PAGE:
Back pain is common, but when is it too much?
Patricia Short never dreamed she would be able to walk out in the fields to pick blueberries again after suffering from years of excruciating back pain.
After falling off a 6-foot wall near her home in Cedar Hill, Tenn., she found herself suffering from chronic back pain, causing her to have severe pain in the lower right side of her body and forcing her to walk with a permanent limp.
Today, back pain is one of the most common ailments among Americans, affecting millions each year. Complex back pain, when pain is chronic and extends beyond the acute, temporary pain caused by a muscle or ligament injury, often warrants advanced treatment methods and possibly a surgical intervention. Knowing when to take a backache serious is the key to preventing long-term damage.
“If you’re at the point where the pain isn’t something you can live with for the rest of your life, it’s time to see a doctor,” Short said.
Dr. Brian O’Shaughnessy, neurosurgeon with Baptist Hospital, specializes in complex spinal surgery and treating deformities of the spine, including scoliosis and kyphosis.
“Back pain is a terribly common problem, affecting millions of Americans, and is a major cause of people being out of work,” Dr. O’Shaughnessy said. “As a spine surgeon, I look to help those patients who require non-operative care to get them back to normal life, but more commonly I see those patients who have significant structural problems with their spine and need to be treated by surgical intervention.”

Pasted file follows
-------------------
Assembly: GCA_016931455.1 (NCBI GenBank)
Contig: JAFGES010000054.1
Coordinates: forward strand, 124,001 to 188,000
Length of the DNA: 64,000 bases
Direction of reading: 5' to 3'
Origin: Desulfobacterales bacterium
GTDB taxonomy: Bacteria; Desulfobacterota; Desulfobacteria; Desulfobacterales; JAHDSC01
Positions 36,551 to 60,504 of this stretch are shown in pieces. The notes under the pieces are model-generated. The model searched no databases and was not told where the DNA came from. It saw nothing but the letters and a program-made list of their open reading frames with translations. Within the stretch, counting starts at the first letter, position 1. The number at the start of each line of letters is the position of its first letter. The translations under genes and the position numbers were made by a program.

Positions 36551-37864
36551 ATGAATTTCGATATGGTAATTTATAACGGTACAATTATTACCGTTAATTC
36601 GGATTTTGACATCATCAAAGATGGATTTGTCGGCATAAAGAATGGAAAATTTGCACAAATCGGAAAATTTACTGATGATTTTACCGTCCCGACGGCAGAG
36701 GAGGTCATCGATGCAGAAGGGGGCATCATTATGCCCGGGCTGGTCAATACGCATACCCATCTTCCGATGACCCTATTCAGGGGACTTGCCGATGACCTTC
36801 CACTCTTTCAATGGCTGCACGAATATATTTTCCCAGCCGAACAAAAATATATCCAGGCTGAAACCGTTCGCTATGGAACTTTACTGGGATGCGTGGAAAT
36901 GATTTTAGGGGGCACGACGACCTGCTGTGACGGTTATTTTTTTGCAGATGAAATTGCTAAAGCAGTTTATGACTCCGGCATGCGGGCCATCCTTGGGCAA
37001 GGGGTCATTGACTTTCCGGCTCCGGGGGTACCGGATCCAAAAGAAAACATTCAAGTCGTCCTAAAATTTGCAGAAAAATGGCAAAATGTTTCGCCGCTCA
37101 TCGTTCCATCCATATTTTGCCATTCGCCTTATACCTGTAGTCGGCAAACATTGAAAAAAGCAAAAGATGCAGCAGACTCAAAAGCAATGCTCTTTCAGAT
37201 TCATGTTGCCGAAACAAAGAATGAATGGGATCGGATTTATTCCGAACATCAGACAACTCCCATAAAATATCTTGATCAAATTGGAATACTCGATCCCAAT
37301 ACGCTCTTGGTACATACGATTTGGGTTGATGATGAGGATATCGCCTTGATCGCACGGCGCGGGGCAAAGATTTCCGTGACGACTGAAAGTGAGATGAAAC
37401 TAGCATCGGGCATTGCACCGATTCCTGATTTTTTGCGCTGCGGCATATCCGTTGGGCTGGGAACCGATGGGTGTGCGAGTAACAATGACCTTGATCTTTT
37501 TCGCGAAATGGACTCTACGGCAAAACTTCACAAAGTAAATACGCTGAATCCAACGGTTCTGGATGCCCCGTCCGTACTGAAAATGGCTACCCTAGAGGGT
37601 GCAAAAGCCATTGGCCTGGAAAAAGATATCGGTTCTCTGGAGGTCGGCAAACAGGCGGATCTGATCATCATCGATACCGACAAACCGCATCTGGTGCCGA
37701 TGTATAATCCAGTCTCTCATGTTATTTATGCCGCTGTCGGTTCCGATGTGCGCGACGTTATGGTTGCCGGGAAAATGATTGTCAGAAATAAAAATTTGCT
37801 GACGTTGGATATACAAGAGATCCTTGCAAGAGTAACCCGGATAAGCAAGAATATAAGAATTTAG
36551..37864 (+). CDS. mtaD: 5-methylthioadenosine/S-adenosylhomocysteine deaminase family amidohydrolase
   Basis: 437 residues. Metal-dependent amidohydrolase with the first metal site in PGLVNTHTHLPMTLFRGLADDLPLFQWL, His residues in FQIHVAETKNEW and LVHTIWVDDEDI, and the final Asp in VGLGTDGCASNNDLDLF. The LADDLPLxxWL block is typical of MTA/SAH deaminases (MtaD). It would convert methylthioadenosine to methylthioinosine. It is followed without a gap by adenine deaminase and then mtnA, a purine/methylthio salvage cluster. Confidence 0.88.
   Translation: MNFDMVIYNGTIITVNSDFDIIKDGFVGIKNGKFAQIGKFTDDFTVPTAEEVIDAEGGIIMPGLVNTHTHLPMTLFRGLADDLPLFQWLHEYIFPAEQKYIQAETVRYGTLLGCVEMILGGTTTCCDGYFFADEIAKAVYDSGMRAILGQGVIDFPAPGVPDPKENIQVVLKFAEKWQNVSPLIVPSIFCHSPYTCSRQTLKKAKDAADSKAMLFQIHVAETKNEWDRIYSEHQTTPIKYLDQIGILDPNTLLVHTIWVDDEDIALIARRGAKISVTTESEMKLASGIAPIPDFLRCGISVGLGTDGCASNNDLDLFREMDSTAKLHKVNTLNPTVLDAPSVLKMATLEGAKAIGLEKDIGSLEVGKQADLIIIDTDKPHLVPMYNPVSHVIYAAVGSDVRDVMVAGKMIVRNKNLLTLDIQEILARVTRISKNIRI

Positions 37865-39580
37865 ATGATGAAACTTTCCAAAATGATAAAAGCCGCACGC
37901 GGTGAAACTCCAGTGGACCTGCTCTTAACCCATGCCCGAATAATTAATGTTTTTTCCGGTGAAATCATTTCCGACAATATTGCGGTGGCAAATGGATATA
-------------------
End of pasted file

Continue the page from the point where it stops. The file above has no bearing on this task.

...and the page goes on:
There are two types of complex back pain. The first is that caused by a primary deformity of their spine, such as scoliosis or kyphosis. And the second is suffered by patients who have had a prior surgery and are not recovering well.
Short fell into the second category.
“In a revision spine candidate, like Mrs. Short, they often have tremendous pain — back pain and or leg pain — and all of this together can lead to a significant impairment of their quality of life,” Dr. O’Shaughnessy added.
After consistently visiting a chiropractor for several years following her accident, Short decided her pain was no longer a normal backache and it was time to see a physician. She underwent two failed back surgeries before being referred to Dr. O’Shaughnessy.
Many severe cases like Short’s require surgical intervention to realign the spinal column or fuse together vertebrae, but according to Dr. O’Shaughnessy, there are everyday measures that can help prevent this type of invasive treatment.
“Eating a well-balanced diet, maintaining a healthy body weight, regular exercise and stretching are all things you can do to avoid everyday back pain,” he said.
Today, with the help of regular outpatient physical therapy, Short is largely pain free, being able to sit comfortably and stand for significant periods of time. She’s also completely off her pain medications and back to living a healthy lifestyle.
“I can walk without any pain now,” she said. “I can walk out into my fields to pick blueberries again and that, to me, is a miracle.
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